And then there was Alternattiva Demokratika. The party, as many have not hesitated to remind us, that was born out of an uncomfortable rib of the Labour party. They do not remind us that the party has undergone change over the last 15 years and the vestiges of Wenzu Mintoff and Toni Abela are close to non-existent. Gone too are Saviour Balzan and Peppi Azzopardi, both having chosen journalism over direct involvement in politics. That they are gone is not a judgement on their decision, just a statement of fact.
So AD. The party other parties would rather have as a pressure group. As another grouping of common citizens who can yell all they like that some things are not being run the way they think they are supposed to and wait for their Masters Voice to decide. They tell them that they have no right to represent a different voice. Not in Parliament. Go back to your squealing they say. Respect? Not really.
AD may have been set up for 15 years but its resources remain what they are and it continues to play the game in a set-up of rules that were not made to consider its existence. From rules on broadcasting to media presence to the rules of the electoral game – we now have an admission: the odds are strongly stacked against them. Yet AD insists on representing whoever feels that they should have an alternative voice and as far as that goes they have fully lived up to their name: a democratic alternative.
AD’s weakness lies mainly in its constant inability to market its ideas strongly. For many years it strove to shed the idea of being a pressure group and built the idea of being a party. It broke ground slowly, very slowly and notwithstanding the miserable results in national election it persevered. I did manage to obtain a presence in Local Councils and had its defining moment in the European Parliament elections when 23,000 voters had the courage to shout out loud “Yes I can and want to vote different”. AD can proudly carry the badge of being the only political formation that suddenly began the gentle tide of change. It had the opportunity to become the focus point for this momentum.
Has it taken it? If I were to focus on this campaign I would find a number of areas in which constructive criticism is needed. AD missed out on really gathering the momentum on pointing out two essential points that have been asking for someone to carry the banner. The first is the unfairness of the system and the second is the right of the citizen to choose his side freely.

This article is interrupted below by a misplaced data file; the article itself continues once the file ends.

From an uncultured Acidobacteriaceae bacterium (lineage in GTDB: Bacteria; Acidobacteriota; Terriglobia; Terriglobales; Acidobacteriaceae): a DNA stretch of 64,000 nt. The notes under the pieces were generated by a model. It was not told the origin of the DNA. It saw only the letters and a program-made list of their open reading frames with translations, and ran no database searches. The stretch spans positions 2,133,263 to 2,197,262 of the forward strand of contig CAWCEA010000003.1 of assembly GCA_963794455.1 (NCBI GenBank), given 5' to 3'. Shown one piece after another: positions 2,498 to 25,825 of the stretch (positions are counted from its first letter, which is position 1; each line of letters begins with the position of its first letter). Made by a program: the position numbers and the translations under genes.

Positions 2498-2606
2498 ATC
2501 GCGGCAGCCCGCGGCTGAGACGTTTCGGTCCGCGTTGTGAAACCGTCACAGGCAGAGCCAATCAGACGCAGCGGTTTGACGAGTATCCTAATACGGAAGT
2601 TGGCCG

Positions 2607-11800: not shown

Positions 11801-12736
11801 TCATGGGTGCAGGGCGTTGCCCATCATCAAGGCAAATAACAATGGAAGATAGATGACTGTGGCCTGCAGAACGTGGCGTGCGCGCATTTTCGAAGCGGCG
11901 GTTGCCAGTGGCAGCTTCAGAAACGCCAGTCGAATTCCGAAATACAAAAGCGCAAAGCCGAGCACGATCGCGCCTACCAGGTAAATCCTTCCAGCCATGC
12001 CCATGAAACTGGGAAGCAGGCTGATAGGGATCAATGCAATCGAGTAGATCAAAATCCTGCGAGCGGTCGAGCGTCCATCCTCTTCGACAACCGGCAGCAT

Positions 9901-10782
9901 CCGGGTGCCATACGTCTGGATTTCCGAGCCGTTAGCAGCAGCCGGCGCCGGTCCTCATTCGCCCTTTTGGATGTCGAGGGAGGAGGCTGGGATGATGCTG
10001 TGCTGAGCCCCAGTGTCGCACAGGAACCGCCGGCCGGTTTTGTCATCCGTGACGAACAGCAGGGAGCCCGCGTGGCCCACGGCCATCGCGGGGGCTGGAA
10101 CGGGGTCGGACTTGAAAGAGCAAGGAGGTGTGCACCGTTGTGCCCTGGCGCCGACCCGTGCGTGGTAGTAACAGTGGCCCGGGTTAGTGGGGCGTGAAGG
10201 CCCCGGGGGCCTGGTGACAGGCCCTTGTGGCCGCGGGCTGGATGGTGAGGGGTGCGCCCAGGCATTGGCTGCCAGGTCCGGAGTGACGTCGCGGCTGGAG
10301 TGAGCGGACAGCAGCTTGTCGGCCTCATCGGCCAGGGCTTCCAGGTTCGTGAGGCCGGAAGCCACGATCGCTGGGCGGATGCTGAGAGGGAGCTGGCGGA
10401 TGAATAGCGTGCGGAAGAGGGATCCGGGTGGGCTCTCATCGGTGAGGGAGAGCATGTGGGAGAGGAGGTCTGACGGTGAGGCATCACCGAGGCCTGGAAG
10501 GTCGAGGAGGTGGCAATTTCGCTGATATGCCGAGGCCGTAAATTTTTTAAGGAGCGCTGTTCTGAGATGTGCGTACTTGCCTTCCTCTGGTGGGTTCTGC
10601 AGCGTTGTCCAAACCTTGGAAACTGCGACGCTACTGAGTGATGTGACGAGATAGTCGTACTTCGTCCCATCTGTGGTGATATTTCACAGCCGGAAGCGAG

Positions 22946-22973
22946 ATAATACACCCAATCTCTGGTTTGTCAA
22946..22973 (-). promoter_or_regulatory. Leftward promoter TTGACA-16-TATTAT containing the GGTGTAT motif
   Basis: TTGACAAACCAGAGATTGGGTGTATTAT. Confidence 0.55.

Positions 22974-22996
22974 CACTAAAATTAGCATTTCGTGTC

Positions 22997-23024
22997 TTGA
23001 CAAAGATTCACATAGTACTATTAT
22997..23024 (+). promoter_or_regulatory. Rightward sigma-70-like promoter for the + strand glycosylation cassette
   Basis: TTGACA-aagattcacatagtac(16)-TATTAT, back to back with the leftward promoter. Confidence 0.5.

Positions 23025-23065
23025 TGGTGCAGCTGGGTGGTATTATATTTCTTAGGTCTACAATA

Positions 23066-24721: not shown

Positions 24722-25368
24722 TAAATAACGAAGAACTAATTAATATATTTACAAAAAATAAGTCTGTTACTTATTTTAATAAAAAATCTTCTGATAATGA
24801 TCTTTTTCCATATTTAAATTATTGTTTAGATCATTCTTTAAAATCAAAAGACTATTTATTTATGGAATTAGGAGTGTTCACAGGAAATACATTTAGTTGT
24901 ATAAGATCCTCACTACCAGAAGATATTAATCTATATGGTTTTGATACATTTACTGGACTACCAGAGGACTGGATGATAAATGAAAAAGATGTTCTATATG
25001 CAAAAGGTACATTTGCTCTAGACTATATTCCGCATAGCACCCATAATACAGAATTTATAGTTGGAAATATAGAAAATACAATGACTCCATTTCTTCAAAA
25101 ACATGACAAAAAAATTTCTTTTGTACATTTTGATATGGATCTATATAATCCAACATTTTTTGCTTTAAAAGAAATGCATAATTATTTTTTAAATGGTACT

Why do I say that they missed out? AD chose to play by the rules of the game. Instead of concentrating on the main issue and focusing on a campaign that exposes the system to its worst extreme, they chose the Coalition Gambit. They knew the odds were stacked against it (I concede that there is the remote chance of one seat) but still chose to invest precious time and energy on just that. This choice may yet prove to be costly. They have had to justify a highly optimist prediction and they have had to sell that to a voter who has proven time and again not to be confident in letting go of old habits. Even before you begin to analyse the Sant effect on the whole issue I am sure you can appreciate the uphill battle in which AD chose to invest their electoral points.
How has that been perceived? The 6 points, the positives that AD has to offer, the strong points on which it had built a strong arsenal in its constant constructive criticism of a PN government were lost on the wayside in the general argument of ridicule of this quixotic attempt to overturn the system. This was compounded with the fact that they fell bang into the den of the wolves. Their position regarding the coalition meant that the PN could morph AD into a threat to stability by equating their current campaign aim with an implied leg-up to their supposed conniving partners at Dar it-Trasparenza. PN would avoid confrontation on issues and concentrate on slowly morphing AD into Daphne’s MLPAD. An underhand tactic indeed – but one that was to be expected from an electoral machine that has taught us that in this current game no holds will be barred.